Making things more interesting seems to be an often-abused phrase, especially in design school. In our bid to try to better each other, to try to come out ahead in the ruthless competition, we often fall back onto “trying to make it more interesting”.
But somehow, it seems as if that making things interesting started to mean screaming for attention – to create something that is so in your face that it’s disappointing, if not downright irritating.
Interesting doesn’t mean that it’s big. Or having lots of colours and patterns. Or having a complicated form. Or using up a lot of materials.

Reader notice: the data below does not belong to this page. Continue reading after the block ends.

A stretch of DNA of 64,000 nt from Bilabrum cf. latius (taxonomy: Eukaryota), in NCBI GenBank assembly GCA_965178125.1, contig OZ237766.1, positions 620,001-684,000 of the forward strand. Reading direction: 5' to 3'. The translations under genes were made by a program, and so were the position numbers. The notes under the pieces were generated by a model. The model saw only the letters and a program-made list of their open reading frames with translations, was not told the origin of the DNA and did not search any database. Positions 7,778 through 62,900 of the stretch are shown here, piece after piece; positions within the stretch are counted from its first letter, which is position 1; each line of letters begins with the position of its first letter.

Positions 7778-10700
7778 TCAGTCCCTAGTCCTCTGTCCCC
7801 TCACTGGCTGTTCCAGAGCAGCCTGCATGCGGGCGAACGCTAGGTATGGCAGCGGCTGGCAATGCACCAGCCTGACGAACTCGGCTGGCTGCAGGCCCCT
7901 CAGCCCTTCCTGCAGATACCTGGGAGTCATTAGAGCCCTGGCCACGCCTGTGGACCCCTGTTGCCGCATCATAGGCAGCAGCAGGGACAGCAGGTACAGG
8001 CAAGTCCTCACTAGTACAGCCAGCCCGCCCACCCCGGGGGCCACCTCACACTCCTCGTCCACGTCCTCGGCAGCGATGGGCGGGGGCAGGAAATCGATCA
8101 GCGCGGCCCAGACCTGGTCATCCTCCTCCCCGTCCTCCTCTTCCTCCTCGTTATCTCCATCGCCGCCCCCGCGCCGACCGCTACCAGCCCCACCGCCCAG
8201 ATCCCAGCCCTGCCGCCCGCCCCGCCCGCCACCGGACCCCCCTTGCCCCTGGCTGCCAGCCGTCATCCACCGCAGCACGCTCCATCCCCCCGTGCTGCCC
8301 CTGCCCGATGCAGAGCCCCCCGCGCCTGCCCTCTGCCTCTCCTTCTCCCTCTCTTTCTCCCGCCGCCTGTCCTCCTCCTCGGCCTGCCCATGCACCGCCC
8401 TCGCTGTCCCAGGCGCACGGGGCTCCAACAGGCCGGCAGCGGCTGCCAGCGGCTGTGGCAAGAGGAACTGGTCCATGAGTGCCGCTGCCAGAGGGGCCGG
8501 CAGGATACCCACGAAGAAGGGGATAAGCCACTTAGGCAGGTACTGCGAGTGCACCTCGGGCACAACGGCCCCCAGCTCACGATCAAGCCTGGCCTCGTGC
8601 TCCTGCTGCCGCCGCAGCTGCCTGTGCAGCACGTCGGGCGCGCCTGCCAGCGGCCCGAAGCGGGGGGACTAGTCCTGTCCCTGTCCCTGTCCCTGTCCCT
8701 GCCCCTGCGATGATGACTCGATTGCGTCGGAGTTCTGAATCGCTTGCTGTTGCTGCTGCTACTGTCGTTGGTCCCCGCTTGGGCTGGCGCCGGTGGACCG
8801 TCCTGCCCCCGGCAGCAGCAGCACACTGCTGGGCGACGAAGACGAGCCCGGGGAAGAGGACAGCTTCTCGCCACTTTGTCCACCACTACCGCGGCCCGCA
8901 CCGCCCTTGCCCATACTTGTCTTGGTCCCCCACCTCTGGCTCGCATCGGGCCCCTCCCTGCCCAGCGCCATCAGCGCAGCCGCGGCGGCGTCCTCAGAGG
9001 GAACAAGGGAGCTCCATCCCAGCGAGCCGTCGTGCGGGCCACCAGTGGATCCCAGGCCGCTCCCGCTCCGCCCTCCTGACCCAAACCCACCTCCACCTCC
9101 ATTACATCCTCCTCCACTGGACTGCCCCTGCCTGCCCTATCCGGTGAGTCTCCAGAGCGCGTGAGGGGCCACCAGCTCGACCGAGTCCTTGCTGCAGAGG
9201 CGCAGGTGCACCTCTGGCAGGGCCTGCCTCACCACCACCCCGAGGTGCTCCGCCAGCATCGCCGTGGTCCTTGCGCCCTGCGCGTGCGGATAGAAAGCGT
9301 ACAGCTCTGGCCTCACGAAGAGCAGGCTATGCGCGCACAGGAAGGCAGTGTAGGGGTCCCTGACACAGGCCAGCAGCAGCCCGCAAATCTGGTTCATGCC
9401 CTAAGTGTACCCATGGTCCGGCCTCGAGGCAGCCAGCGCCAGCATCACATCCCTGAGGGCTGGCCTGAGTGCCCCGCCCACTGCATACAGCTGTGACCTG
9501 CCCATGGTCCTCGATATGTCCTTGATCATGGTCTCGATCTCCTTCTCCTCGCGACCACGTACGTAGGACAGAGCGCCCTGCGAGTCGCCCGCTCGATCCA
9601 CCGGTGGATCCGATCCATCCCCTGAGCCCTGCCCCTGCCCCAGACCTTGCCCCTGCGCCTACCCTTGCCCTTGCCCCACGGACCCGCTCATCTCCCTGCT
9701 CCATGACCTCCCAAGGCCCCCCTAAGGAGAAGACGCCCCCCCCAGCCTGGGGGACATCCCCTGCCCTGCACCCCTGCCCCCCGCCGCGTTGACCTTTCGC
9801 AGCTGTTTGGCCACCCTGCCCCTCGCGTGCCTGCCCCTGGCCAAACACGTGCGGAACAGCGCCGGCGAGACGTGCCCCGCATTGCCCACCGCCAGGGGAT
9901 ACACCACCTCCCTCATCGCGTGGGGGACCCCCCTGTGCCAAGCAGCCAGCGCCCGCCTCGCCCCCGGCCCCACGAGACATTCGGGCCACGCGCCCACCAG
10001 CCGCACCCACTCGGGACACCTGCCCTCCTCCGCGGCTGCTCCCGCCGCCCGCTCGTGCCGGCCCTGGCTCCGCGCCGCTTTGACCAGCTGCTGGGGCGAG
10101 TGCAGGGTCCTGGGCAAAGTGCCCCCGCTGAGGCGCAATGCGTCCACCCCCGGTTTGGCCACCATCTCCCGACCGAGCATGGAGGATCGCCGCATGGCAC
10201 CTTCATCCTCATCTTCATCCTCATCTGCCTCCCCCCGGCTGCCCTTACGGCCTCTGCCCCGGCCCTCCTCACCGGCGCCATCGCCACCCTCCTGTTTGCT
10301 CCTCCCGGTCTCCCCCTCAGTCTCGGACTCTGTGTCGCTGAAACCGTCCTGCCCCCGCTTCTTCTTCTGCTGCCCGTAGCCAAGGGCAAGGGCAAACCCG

Interesting merely means that you have created something worth being the topic of a dinner conversation, that your work is worth flying halfway round the world to see or listen to in person.
It’s a pity though, that few people seems to be interested in being interesting. They would rather scream out loud for attention, annoy audiences who are merely just passing by, and try to attract those who are not even interested.
I’d much rather keep it understated though. Much like the work of the humble craftsman worth paying thousands of dollars for, you don’t have to scream for attention if you could just let your work speak for itself, subtly and gently, but none less powerful in any way.